2014-06-06 / Front Page

Group seeks immune system answers

Residents lead University of New England research trip to Iceland
By Alex Acquisto
Staff Writer


University of New England students pose on top of Valahnukur at Þórsmörk in Iceland in mid-May. The group of 11 was conducting research on the human immune system response to anaerobic exercise in extreme conditions. Back row, from left, are Jon Lester, Dr. Lara Carlson, Sean Powers, Dr. Christopher Toth, Erin McGeggen, Jordan Drouin and Michelle Reidy. Front, Ali Stanley, Paige Driver, Kaylee LeCavalier and Courtney Farrar. (Courtesy photo) University of New England students pose on top of Valahnukur at Þórsmörk in Iceland in mid-May. The group of 11 was conducting research on the human immune system response to anaerobic exercise in extreme conditions. Back row, from left, are Jon Lester, Dr. Lara Carlson, Sean Powers, Dr. Christopher Toth, Erin McGeggen, Jordan Drouin and Michelle Reidy. Front, Ali Stanley, Paige Driver, Kaylee LeCavalier and Courtney Farrar. (Courtesy photo) BIDDEFORD — Dr. Lara Carlson first became interested in studying the effects of exercise on the immune system when she was competing in the hammer throw at the national level.

“Back in the 1990s, you started hearing about how exercise is supposed to enhance your immune system,” Carlson said. Past research on the immune system’s responses to exercise was only conducted on highintensity runners and marathon runners, and it was only conducted after they finished exercising.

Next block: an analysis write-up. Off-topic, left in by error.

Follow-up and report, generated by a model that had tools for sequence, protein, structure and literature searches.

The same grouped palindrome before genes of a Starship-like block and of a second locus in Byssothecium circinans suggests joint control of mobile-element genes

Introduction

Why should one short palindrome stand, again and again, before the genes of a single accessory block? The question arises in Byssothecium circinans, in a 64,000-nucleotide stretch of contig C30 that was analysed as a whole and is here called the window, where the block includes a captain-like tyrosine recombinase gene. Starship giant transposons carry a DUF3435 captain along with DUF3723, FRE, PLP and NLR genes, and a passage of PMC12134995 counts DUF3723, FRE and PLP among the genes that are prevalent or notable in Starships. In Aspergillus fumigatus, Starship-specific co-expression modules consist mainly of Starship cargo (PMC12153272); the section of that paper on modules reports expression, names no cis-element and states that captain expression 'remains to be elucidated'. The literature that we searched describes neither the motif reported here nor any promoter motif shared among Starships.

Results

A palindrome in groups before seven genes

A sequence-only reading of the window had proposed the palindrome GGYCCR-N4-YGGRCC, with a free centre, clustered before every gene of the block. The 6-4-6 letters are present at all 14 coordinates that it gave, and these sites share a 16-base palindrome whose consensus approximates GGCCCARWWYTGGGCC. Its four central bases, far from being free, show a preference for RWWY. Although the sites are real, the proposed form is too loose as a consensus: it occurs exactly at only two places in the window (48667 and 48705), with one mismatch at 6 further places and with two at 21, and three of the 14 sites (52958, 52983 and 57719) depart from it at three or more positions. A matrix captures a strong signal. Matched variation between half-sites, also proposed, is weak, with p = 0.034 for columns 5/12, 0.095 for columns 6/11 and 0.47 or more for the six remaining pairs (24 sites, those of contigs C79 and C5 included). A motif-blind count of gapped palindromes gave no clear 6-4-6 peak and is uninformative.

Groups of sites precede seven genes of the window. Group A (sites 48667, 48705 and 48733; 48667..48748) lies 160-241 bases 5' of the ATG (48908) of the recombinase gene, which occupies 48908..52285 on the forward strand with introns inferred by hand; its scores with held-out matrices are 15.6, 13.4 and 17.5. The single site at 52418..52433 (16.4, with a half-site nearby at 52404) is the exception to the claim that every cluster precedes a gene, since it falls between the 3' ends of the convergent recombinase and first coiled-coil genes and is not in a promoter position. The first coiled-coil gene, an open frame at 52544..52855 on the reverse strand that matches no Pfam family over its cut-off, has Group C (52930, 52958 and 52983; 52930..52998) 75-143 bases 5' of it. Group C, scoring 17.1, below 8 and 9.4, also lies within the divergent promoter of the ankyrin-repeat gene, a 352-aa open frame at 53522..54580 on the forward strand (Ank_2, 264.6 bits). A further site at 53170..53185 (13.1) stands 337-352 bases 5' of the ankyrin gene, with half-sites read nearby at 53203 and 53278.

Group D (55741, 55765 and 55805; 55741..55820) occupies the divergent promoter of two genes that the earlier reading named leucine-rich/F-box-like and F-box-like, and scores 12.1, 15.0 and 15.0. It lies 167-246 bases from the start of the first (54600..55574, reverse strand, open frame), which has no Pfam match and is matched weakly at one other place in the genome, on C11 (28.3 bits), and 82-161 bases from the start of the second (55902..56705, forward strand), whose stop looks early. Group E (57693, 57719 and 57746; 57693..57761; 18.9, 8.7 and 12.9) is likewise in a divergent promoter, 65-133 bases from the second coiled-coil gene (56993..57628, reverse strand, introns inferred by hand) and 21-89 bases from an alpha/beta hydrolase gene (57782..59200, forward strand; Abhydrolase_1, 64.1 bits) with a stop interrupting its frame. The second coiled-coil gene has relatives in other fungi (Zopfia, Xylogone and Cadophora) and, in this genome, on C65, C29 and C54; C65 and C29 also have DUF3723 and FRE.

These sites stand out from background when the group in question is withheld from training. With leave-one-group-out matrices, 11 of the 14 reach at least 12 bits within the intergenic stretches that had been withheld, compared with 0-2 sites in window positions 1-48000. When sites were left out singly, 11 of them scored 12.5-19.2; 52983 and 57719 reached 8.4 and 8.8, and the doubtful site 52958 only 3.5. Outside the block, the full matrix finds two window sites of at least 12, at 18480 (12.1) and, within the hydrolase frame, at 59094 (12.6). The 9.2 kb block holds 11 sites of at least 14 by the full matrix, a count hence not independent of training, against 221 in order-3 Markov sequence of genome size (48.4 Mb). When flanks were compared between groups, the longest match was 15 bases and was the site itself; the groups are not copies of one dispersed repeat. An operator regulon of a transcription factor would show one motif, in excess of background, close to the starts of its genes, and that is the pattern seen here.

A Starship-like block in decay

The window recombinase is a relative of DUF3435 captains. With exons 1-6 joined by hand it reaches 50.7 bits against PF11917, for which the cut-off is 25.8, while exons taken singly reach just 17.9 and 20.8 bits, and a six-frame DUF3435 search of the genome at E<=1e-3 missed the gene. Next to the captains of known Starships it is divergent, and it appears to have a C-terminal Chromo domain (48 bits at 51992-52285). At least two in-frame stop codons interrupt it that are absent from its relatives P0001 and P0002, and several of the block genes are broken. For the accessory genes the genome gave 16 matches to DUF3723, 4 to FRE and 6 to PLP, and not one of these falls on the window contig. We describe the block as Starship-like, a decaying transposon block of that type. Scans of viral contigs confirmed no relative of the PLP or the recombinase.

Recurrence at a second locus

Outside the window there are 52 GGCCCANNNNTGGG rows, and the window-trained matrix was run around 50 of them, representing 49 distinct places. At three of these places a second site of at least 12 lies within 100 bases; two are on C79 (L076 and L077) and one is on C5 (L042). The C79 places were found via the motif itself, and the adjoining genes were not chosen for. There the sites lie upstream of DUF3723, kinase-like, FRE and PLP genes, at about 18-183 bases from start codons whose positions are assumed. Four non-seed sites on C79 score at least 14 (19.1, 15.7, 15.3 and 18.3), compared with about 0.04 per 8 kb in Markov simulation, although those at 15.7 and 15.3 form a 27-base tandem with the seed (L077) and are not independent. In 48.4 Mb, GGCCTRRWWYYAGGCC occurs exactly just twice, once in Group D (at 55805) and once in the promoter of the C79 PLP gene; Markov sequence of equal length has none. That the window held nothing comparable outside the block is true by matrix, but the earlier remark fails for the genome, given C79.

Students from Dr. Lara Carlson’s environmental physiology class at the University of New England scale the Solheimajokull glacier in Iceland. Carlson and Dr. Christopher Toth took nine students to Iceland in May to conduct research on the body’s response to anaerobic exercise in a cold climate. This is the second year Carlson has taken students to Iceland to conduct experiments. 
(Courtesy photo) Students from Dr. Lara Carlson’s environmental physiology class at the University of New England scale the Solheimajokull glacier in Iceland. Carlson and Dr. Christopher Toth took nine students to Iceland in May to conduct research on the body’s response to anaerobic exercise in a cold climate. This is the second year Carlson has taken students to Iceland to conduct experiments. (Courtesy photo) She decided to conduct tests on her teammates before and after the anaerobic event, as research of this kind had never been conducted. And she found something curious: “I looked at it from a resistance exercise standpoint — intense exhaustive exercise. It seemed that our increased exercise increased our susceptibility for upper respiratory infections,” Carlson said.

Since those days of national hammer throw competitions, Carlson, who lives in Kennebunkport, now conducts research with students through the University of New England as an associate professor in the college of health professions.

In late May, Carlson took nine students from her Environmental Physiology course to Iceland to further what Carlson has been studying for more than 20 years—the examination how human organisms respond to anaerobic exercise in extreme conditions.